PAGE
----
By CHRISTINE TAILER
The woodshed was full. I felt warm just looking at it, and it had not cost a penny. The cost was rather spent in my husband's hard work, driving the old Jeep up into the woods, felling a standing dead tree, cutting it into foot-long lengths and then piling the logs up in front of the woodshed to be split, sometimes with a splitter on the back of the 1957 ford tractor, other times by hand.
There can be no doubt about it. This had been a long, cold winter. Even the meteorologists had confirmed what both the groundhog and my aging joints had predicted – cold, that was to be followed by more, even colder, cold.
But the woodshed was close to empty. Even though I sat warm by the fire in the cabin, just thinking of our dwindling wood supply sent a chill shiver through my body.
Greg explained why the colder temperatures had led to a depleted wood pile. The automatic damper on the wood stove would open as the temperature inside the cabin dropped, and with the damper opened, the fire would burn hotter, and the wood would burn faster to warm up the cabin. So we had been staying warm throughout the long cold winter, but our wood supply had dwindled faster than expected.
In early January, it had been time. Greg put on his quilted coveralls and climbed back into the old jeep. He headed out into the woods towards a standing dead tree he had kept his eyes on for a while, and with a day's good work, he had the woodshed filled again.
Curiously, the weather warmed that day, and the ground briefly thawed, so Greg had to split the wood by hand, rather than driving the tractor across the soggy ground, and leaving deep ruts on the way to the woodshed.
I thankfully carried armfuls of split wood from the shed into the cabin, and happily kept a stash piled neatly beside the stove.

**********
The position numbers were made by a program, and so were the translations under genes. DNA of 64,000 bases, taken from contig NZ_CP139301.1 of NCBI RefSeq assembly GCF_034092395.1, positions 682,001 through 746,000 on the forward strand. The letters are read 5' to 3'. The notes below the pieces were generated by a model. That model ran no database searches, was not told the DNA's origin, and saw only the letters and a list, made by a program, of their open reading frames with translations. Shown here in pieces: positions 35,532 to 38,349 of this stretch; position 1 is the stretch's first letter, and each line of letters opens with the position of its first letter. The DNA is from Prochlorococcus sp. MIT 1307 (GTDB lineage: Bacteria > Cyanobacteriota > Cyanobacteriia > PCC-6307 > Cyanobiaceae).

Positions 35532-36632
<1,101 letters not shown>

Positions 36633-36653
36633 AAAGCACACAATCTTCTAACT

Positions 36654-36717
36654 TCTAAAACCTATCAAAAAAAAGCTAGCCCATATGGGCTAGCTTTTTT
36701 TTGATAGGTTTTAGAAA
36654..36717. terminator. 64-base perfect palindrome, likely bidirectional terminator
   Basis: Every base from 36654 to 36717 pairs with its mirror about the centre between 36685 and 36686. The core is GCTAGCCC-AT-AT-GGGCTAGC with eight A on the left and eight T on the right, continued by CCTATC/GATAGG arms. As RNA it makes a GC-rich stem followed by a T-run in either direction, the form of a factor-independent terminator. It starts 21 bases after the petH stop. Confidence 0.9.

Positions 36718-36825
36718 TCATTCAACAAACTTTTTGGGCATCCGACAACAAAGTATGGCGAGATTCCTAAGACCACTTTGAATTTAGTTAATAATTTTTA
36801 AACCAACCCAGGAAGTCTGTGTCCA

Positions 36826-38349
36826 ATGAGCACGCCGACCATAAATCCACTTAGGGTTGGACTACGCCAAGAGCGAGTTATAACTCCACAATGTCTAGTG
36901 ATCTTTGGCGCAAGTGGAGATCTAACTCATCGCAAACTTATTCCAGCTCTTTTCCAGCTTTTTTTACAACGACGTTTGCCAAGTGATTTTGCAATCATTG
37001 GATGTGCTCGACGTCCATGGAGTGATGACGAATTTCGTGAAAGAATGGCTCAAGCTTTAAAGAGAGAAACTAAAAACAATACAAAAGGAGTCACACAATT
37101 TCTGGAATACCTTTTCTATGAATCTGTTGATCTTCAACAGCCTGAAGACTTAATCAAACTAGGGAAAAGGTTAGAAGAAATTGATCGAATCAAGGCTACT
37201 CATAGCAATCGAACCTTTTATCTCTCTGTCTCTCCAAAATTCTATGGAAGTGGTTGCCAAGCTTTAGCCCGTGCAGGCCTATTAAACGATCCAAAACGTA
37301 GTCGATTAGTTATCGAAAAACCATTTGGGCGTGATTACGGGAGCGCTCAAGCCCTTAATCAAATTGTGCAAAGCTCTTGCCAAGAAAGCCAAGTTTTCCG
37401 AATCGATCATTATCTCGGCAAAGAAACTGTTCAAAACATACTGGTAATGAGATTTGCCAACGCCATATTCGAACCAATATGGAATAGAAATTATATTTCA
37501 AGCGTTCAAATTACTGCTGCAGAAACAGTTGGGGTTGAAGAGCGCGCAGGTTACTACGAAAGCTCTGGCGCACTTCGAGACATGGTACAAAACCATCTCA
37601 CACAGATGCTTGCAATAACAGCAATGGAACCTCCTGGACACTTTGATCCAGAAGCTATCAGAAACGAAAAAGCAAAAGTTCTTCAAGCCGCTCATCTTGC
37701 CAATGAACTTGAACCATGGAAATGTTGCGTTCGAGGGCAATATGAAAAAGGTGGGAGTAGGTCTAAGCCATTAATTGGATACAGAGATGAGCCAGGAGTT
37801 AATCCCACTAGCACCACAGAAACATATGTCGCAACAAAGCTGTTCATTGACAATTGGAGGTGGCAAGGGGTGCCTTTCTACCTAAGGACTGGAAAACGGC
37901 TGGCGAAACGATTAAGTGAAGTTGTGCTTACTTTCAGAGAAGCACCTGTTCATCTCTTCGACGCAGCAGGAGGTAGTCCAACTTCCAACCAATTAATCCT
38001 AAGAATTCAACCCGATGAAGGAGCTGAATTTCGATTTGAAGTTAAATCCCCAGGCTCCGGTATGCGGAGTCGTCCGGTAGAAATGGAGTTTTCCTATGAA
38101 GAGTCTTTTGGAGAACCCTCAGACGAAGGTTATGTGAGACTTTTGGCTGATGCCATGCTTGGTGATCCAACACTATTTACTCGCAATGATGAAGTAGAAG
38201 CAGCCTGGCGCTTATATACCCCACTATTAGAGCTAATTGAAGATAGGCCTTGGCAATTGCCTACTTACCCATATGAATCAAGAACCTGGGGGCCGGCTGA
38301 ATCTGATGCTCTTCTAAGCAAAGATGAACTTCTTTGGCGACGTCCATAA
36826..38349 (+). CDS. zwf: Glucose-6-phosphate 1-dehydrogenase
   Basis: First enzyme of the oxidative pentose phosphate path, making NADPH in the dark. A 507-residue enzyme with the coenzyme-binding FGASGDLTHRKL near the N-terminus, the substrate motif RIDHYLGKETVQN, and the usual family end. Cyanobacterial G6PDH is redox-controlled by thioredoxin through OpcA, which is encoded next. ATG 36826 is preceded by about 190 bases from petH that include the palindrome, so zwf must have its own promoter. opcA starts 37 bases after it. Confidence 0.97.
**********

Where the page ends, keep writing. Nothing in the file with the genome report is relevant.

And as predicted, the weather again turned colder. January turned to February, and as February approached March, I would potter about inside the warm cabin, glancing occasionally out towards the woodshed. I soon realized that somehow the neatly stacked piles of wood had taken wings, and over passing days and weeks seemed to have taken flight, and flown back up into the creek valley sky as smoke.
So once again, this past weekend, Greg put on his quilted coveralls and headed back up into the woods. And as I write, I am again warmed by the simple thought of piles of neatly stacked wood when I look out at the woodshed, that is once again filled with hand split logs. Perhaps the third time is the charm. I cross my fingers and think that perhaps this stash of wood will last us through whatever may be left of the winter.
As darkness falls, it occurs to me to check the long range weather forecast. I scroll through my smartphone. The meteorologists are all calling for continued cold weather, and even a late winter storm, but I must be honest with you here.
What has really kept me warm this long, cold winter, is not the wood in the wood shed, nor the logs burning hot in the fire, it is really the feeling of being wrapped securely in the knowledge that that Greg and I are a team. It is this that warms me through and through.
Even though I have been ever so busy doing lawyerly things these past several months, I have been toasty warm knowing that my husband would not fail to keep the fire burning bright.
Christine Tailer is an attorney and former city dweller who moved several years ago, with her husband, Greg, to an off-grid farm in south-central Ohio. Visit them on the web at straightcreekvalleyfarm.com.[[In-content Ad]]